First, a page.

Types Of Cancer

Bone Cancers

Osteosarcoma and Ewing's sarcoma are the most common malignancies of bone tissues in children. Osteosarcoma, the more common of the two types, usually presents in bones around the knee. Ewing's sarcoma may affect bones of the pelvis, thigh, upper arm, or ribs.

Osteosarcoma

Osteosarcoma is a bone tumor that occurs predominantly in adolescents and young adults. Our bones come in two main types: "flat" and "long". Flat bones help protect the brain and organs; long bones sport the legs and arms. Osteosarcoma usually develops at the edges of the long bones, in the "metaphysis", which is the name for the growing ends of the bone. Most of these tumors develop in the ends of the long bones that form the knee. The second most common site for these tumors is in the ends of the upper arm bone close to the shoulder. They can also be found in other places, like the pelvis, shoulder, and skull.

The World Health Organization's (WHO) classification of bone tumors separates the osteosarcomas into central (medullary) and surface (peripheral) tumors and recognizes a number of subtypes within each group.

Treatment for Osteosarcoma

Osteosarcoma is treated with surgery and multi-agent chemotherapy. It is very important that patients are evaluated by an orthopedic oncologist who is familiar with the surgical management of osteosarcoma. This evaluation (including imaging studies) must be done prior to the initial biopsy, since a botched biopsy may jeopardize a limb-sparing procedure.

Patients with osteosarcoma should undergo surgical removal of the tumor if possible. The type of surgery depends on a number of factors, such as limb-sparing or replacement with prosthetic devices that must be evaluated on an individual basis. Chemotherapy can include high-dose methotrexate, doxorubicin, cyclophosphamide, cisplatin, ifosfamide, etoposide, and carboplatin.

Ewing's Family of Tumors (EFTs) 

Ewing's is the second most common malignant bone tumor in children, comprising 10-15% of childhood bone cancers. Ewing's tumors have characteristic small round blue cells. The Ewing's family of tumors include:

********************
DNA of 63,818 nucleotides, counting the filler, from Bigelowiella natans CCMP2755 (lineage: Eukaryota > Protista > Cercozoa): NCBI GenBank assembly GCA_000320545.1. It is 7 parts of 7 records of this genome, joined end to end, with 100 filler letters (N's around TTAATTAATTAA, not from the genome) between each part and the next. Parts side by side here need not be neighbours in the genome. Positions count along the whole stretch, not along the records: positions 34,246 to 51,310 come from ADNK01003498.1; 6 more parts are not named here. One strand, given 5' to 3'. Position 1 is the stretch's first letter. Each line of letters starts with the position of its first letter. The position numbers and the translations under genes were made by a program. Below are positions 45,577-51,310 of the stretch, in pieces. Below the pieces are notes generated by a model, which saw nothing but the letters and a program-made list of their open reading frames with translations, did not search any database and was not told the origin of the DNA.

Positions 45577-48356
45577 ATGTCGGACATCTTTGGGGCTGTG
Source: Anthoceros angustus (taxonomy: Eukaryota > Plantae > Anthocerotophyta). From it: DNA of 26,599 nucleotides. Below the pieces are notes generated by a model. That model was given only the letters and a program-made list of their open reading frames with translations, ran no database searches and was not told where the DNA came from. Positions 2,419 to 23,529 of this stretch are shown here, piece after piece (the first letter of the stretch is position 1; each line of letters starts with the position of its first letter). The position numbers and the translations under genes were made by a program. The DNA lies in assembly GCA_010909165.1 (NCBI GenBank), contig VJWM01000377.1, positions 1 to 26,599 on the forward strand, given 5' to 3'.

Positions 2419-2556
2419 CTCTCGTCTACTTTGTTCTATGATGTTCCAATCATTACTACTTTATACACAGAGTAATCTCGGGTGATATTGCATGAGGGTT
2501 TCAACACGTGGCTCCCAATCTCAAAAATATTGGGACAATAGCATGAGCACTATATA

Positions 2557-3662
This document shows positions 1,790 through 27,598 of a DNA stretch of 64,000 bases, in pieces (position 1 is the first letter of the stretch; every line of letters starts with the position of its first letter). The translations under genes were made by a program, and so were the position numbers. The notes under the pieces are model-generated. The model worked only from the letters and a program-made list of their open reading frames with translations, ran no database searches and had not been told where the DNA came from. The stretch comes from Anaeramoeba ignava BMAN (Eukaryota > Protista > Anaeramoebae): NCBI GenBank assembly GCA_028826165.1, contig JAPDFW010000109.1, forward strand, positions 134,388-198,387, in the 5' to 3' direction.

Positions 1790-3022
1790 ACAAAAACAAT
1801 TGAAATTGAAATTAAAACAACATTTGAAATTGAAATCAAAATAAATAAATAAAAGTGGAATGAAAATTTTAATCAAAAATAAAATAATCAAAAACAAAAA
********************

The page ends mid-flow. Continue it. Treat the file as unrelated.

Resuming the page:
• Ewing's tumor of bone, or Ewing's sarcoma of bone
    • Extraosseous Ewing's (tumor outside of the bone)
    • Primitive neuroectodermal tumor (PNET)
    • Askin's tumor (PNET of the chest wall).

Ewing's family of tumors most frequently occurs in teenagers. It can occur in any bone in the body, but it is most common in the pelvis, thigh, lower leg, upper arm, and rib. Dr. James Ewing who described the tumor in the 1920's distinguished the tumor from osteosarcoma on the basis that it was responsive to radiotherapy.

Treatment for Ewing's Family of Tumors

Ewing's family of tumors is treated with multi-agent chemotherapy, radiation therapy, and/or surgical removal of the primary tumor. Chemotherapy can include vincristine, doxorubicin, and cyclophosphamide altering with ifosfamide and etoposide.

It is important that Ewing's patients are evaluated by specialists immediately after diagnosis from all disciplines including radiologists, chemotherapists, pathologists, surgeons or orthopedic oncologists, and radiation oncologists. As in osteosarcoma, a team approach is necessary, especially if limb-sparing procedures are planned.

Clinical trials for bone cancers can be found by searching the clinical trial database on the NCI web site. Follow these directions:

    • Start at the NCI clinical trials search page.
    • Choose type of cancer: "Ewing's family of tumors" or "osteosarcoma"
    • You will be given more choices (e.g., type of cancer and type of trial).  Choose the appropriate responses and click search.

Symptoms of Bone Cancer

Symptoms can include:

    • pain in a bone (the most common symptom)
    • stiffness, swelling or tenderness around a bone or joint
    • interference with normal movements
    • weak bones, leading to fractures
    • fatigue, fever, weight loss, anemia

Bone pain is the most common symptom. Sometimes a lump can be felt on the bone, or the tumor will interfere with normal movements. What often happens is that a child injures themselves while playing, and the pain persists long after the injury should have healed. Parents assume that the pain is from a broken bone and take the child to the doctor for evaluation, at which time X-rays reveal a bone tumor.

Statistics

Osteosarcoma:

    • occurs primarily in adolescents and young adults
    • 5% of childhood cancers
    • most common in the bones around the knee
    • about 60% of patients have a long-term disease-free survival (AYA SEER report, 2000)

Ewing's family of tumors:

    • occurs most frequently in the second decade of life
    • 4% of childhood cancers
    • incidence in boys is slightly greater than in girls
    • about 60% of patients have a long-term disease-free survival (AYA SEER report, 2000)

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